Thursday, May 17, 2012


When I was 12 years old, my family moved to Tel Aviv from northern Virginia.  My friends and I wrote each other long letters in balloony handwriting where the "i"s were dotted with hearts or stars or bubbles, analyzing for pages whether that it meant anything that the crush of the week had dropped his pencil in front of our lockers.  Though the letters took at least a month to arrive, at first I had so many pen-pals that I was getting at least one per week.  I kept them in a cardboard box under the sink in my bathroom until the day the pipes burst.  My second box did not fill up as quickly.  By the end of the three-year tour, I only had one pen-pal left.


Today on the playground, when talking about the transfer season and my impending pack-out, someone commented "well, you're a professional."  She was referring to the fact that I've been doing this - moving - since I was a year old.  And she was assuming that I was "good" at it by now. 

This is my 18th move.  If I were going to get "good" at it, I would have done it by now.  And in some ways, maybe I have.  I know that I want the house to be somewhat organized when the movers arrive.  I know that I don't want them carefully wrapping empty CD cases in endless layers of packing paper - so I prepack the house, as much as I can, before packing day.  And I know that I am not the type of person who can just blow through the house in 24 hours and take care of everything.  So I start a month in advance, an hour or so a day.  It's manageable.

When it comes to maintaining friendships, though, I have learned that it is not entirely under my control.  I email.  I call.  I start out with five pen-pals.  I end up, if I'm lucky, with one.  I know that, in most cases, it is nothing personal.  It's just how things are.

But it never gets easier.  The week or two before a move, I find myself withdrawing.  Even right now, on this gorgeous 75-degree day, I am holed up in my sewing room which, as you saw in the last post, is piled high with boxes.  I think that's because it's easier to be here, among the things that I will have with me in the future, than outside with the things I am leaving behind.  I know, it's really weird.

I've enjoyed my time here so much that it almost feels easier to say goodbye to Moscow and my friends now, before I've even left, so that the actual leaving is less difficult.  Our nanny, who has become family, told me that she would come the morning of our flight to see us off.  I am not going to tell her no, but I am honestly dreading this.  Those types of goodbye are too stark, too final, too real.  I prefer to just see you one day, and not see you the next.  I don't want to cry on the plane.  I want to look forward, not backward.

So, no, I'm not good at it.  But I have built a coping mechanism.

What's yours?


  1. I withdraw as well. Instead of withdrawing the last month or so, I find that I start withdrawing the second half of our tour - as if this will make it easier to say "goodbye" when the time comes.

  2. Hey Masha,
    Moving never gets easier. However, for some reason, even though we were only overseas once, we've moved twice after that. For me (and unsure about the husband), I find that I love surrounding myself with the people who made my living in that particular place worthwhile. Sharing memories and believing deep down that new ones would be formed makes me feel a little less sad when we finally have to leave.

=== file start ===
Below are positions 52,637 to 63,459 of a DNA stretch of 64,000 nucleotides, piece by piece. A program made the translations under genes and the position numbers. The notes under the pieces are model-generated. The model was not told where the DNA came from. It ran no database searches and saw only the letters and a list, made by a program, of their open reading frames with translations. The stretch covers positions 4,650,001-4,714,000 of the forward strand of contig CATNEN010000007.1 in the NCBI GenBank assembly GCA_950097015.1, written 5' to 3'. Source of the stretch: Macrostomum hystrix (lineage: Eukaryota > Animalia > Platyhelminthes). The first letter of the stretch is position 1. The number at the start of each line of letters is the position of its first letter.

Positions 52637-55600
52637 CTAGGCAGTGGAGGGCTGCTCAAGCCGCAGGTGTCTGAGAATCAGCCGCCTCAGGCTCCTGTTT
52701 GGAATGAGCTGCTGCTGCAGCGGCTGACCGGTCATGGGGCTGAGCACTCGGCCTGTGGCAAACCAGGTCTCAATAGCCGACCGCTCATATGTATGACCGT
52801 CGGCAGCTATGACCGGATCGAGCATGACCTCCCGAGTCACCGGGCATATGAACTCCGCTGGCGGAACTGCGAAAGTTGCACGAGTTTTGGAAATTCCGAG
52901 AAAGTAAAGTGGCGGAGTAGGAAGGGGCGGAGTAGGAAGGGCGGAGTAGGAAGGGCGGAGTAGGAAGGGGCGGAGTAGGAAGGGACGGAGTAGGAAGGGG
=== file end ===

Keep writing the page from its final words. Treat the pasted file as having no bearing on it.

PS- I love reading your posts. Again, it brings back so many memories and feelings I didn't know existed before. Everyone is different though; I think that you are doing a fine job of dealing with good bye just as well as anyone else would. Safe travels!


  3. Good luck with everything Mash, take comfort that while leaving some people behind, you get to take your favorites with you!

  4. I've never come to your blog before and I shouldn't have come today because that post just made me cry. I hate goodbyes too so I usually just rush through them and pretend it's not for real and then wait until later to feel the loss. It's not easy this moving around stuff.

  5. Masha - I totally get this - and you've described this emotion with perfection. Don't forget the other side of the coin, though -- it's often amazing how quickly you run into old friends again, in circumstances unexpected and completely beyond your control. It's a small world. Safe travels - and see you soon!

  6. Hi Masha,
    I haven't checked in on your guys in awhile because we too have been transitioning back to the US from Thailand. I just read this posting today and it made tears come to my eyes. We said farewell to our friends, colleagues and nanny just 3 months ago and it stank! What I dread are drawn-out farewells where you see people over and over again before leaving, thinking it is a "final farewell". I would rather just get it over with...but at the same time it is nice to see everyone as much as possible before leaving.

    Now we are in transition mode. Living with parents, job searching and trying to give our daughter adequate attention while remaining productive. It would be great to see you and Jeremy and your girls before you head back overseas. How long are you in DC and where are you staying?

    Hope to catch-up with you all soon!


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